News

Half of school leaders expect significant impact from ESSA

By Laura Devaney, Director of News, @eSN_Laura
April 15th, 2016

school leaders

New survey reveals how school leaders feel about policy, tech-supported learning

Catapult Learning, Inc. released the results of its Annual Education Leadership Survey. The overall results of the inaugural survey reflect school leaders’ focus on meeting individual student needs and building teacher and leadership capacity within schools.

Catapult Learning, a provider of K–12 contracted instructional services in the U.S., developed the survey with the goal of better understanding school and district’s instructional and professional development needs. The survey’s 266 respondents represented more than 40 states and included over 100 superintendents, as well as assistant superintendents, district department heads, and school building leaders.

Survey questions ranged across the education spectrum and included the impact of the Every Student Succeeds Act (ESSA), technology-supported learning, increasing graduation rates, and serving special needs students.

The release of the survey, soon after the passing of ESSA, provided the opportunity to gather feedback from school leaders about the law’s impact on their schools and districts. While the law is not scheduled to go in effect until the 2017−18 school year, 54 percent of respondents expect ESSA to significantly affect systems in the 2016−17 school year, while 17 percent responded that they expect ESSA to never substantially impact their school systems.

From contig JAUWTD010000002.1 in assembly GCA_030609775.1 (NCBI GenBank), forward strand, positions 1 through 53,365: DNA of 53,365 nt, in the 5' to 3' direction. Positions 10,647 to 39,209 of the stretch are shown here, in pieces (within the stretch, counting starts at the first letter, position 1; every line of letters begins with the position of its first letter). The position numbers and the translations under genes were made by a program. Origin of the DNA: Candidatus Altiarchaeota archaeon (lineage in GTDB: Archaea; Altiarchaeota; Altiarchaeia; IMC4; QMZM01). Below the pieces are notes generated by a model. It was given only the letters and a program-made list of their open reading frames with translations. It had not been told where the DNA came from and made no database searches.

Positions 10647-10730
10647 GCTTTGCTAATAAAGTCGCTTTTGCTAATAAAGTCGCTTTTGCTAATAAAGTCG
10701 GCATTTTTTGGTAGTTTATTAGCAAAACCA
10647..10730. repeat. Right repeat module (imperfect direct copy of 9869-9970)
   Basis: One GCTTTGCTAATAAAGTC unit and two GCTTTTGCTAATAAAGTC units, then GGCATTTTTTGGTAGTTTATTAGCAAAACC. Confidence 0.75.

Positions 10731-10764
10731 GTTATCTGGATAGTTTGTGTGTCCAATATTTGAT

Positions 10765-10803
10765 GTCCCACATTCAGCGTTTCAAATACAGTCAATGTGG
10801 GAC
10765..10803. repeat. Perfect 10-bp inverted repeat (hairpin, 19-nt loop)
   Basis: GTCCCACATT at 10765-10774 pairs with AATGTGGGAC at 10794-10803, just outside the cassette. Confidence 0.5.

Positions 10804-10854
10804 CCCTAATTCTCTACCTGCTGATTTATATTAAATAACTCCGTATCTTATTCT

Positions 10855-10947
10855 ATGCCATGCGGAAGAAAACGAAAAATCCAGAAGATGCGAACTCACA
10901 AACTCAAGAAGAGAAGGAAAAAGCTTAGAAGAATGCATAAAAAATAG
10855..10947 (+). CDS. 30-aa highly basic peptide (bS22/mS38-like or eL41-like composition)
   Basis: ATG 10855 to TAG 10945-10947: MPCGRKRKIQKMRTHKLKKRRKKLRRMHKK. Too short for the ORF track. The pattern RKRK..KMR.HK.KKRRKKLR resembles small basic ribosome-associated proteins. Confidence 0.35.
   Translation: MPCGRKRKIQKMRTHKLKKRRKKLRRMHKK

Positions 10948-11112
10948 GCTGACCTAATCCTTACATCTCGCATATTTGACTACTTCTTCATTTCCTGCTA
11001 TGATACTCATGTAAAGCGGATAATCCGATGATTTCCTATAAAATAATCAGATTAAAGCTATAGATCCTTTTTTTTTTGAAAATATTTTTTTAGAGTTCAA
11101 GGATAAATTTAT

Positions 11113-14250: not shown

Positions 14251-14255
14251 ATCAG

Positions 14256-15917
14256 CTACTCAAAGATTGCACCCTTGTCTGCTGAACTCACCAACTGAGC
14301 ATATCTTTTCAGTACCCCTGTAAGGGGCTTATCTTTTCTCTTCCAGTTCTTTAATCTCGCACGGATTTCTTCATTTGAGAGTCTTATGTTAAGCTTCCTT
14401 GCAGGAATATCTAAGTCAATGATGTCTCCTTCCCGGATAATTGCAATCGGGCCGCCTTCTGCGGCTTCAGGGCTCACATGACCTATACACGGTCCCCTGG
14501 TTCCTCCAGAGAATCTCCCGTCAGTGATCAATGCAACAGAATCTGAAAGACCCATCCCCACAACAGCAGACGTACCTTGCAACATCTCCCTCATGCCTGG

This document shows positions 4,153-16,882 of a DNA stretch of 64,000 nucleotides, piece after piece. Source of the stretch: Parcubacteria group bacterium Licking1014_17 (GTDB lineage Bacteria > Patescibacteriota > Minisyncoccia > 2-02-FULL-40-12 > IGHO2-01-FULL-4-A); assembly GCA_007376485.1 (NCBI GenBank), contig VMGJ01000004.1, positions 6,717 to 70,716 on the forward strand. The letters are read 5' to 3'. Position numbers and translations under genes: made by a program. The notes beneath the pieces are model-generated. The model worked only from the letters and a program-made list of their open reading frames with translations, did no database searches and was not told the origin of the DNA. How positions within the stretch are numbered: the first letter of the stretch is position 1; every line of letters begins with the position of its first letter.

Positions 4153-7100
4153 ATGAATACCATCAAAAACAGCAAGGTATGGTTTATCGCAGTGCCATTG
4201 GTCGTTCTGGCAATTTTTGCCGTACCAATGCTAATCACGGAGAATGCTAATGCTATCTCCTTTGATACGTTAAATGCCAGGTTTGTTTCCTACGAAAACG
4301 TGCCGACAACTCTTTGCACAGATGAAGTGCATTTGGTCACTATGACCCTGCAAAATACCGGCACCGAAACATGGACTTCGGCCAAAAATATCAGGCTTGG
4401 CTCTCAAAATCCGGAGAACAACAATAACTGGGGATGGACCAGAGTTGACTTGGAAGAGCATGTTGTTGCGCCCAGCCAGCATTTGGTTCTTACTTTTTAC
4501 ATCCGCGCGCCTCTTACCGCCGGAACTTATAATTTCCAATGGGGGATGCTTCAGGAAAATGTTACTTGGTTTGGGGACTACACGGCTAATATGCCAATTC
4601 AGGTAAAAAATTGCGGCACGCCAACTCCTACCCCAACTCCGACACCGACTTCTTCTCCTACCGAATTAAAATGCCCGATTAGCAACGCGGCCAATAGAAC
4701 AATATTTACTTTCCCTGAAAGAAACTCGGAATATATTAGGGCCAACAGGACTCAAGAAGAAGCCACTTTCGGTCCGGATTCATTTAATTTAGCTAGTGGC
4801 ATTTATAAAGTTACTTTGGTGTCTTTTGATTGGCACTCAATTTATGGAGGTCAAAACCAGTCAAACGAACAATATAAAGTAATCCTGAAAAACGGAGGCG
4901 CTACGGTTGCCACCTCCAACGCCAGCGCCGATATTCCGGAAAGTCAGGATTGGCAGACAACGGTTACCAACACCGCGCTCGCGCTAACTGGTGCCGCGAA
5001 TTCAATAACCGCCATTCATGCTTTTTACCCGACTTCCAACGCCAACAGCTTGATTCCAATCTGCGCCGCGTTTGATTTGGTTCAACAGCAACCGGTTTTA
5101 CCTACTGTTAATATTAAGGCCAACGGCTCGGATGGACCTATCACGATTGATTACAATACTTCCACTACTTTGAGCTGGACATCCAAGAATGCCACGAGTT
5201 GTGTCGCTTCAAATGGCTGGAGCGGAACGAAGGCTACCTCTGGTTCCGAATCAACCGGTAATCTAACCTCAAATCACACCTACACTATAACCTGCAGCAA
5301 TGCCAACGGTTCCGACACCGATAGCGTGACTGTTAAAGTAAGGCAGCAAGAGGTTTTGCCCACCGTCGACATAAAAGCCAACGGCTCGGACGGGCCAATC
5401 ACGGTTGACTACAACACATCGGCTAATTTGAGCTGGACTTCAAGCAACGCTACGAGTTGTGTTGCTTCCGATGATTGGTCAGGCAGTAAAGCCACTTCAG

The survey asked school leaders to rank on a scale of 1-5 their largest challenges when it comes to equitably implementing best practices in technology-supported learning. Training staff emerged as the biggest challenge, with procuring and maintaining hardware a close second. Other challenges include providing reliable internet access in every building, selecting software, and managing building logistics.

Two challenges emerged as topmost in school leaders’ minds when it comes to serving students with special needs: complying with policies that don’t align with students’ needs, and hiring and training staff efficiently. Other challenges including identifying effective program models, implementing e-learning solutions, and providing transportation.

Regarding how to increase graduation rates, responding school leaders ranked intervention based on early identification of at-risk middle school students as the most effective path, followed by credit recovery, alternate pathways, wraparound services, and partnering with other agencies.

A final open-ended question, which the majority of participating school leaders (68 percent) responded to, asked, “What is the most important thing you have learned in the past year that has contributed to the success of your school system?” The most common theme was related to meeting students’ needs (13 percent), followed by leadership (11 percent).

Jeffrey Cohen, Catapult Learning’s CEO, cited the survey results as both timely and significant in their findings. “As a company, our focus and priority is the students we serve and the academic outcomes that result from our services. This focus is very much aligned with that of our survey respondents and understanding this will enable us to strengthen our school and district partnerships and best serve our students.”

Catapult Learning’s Leadership Survey will be conducted annually, providing the opportunity to identify and compare educational leaders’ focus year-over-year, as the passing of ESSA marks the beginning of a new era of education policy.

Material from a press release was used in this report.

About the Author:

Laura Devaney

Laura Devaney is the Director of News for eSchool Media. She is a graduate of the University of Maryland's Philip Merrill College of Journalism. When she isn't wrangling her two children, Laura enjoys running, photography, home improvement, and rooting for the Terps. Find Laura on Twitter: @eSN_Laura http://twitter.com/eSN_Laura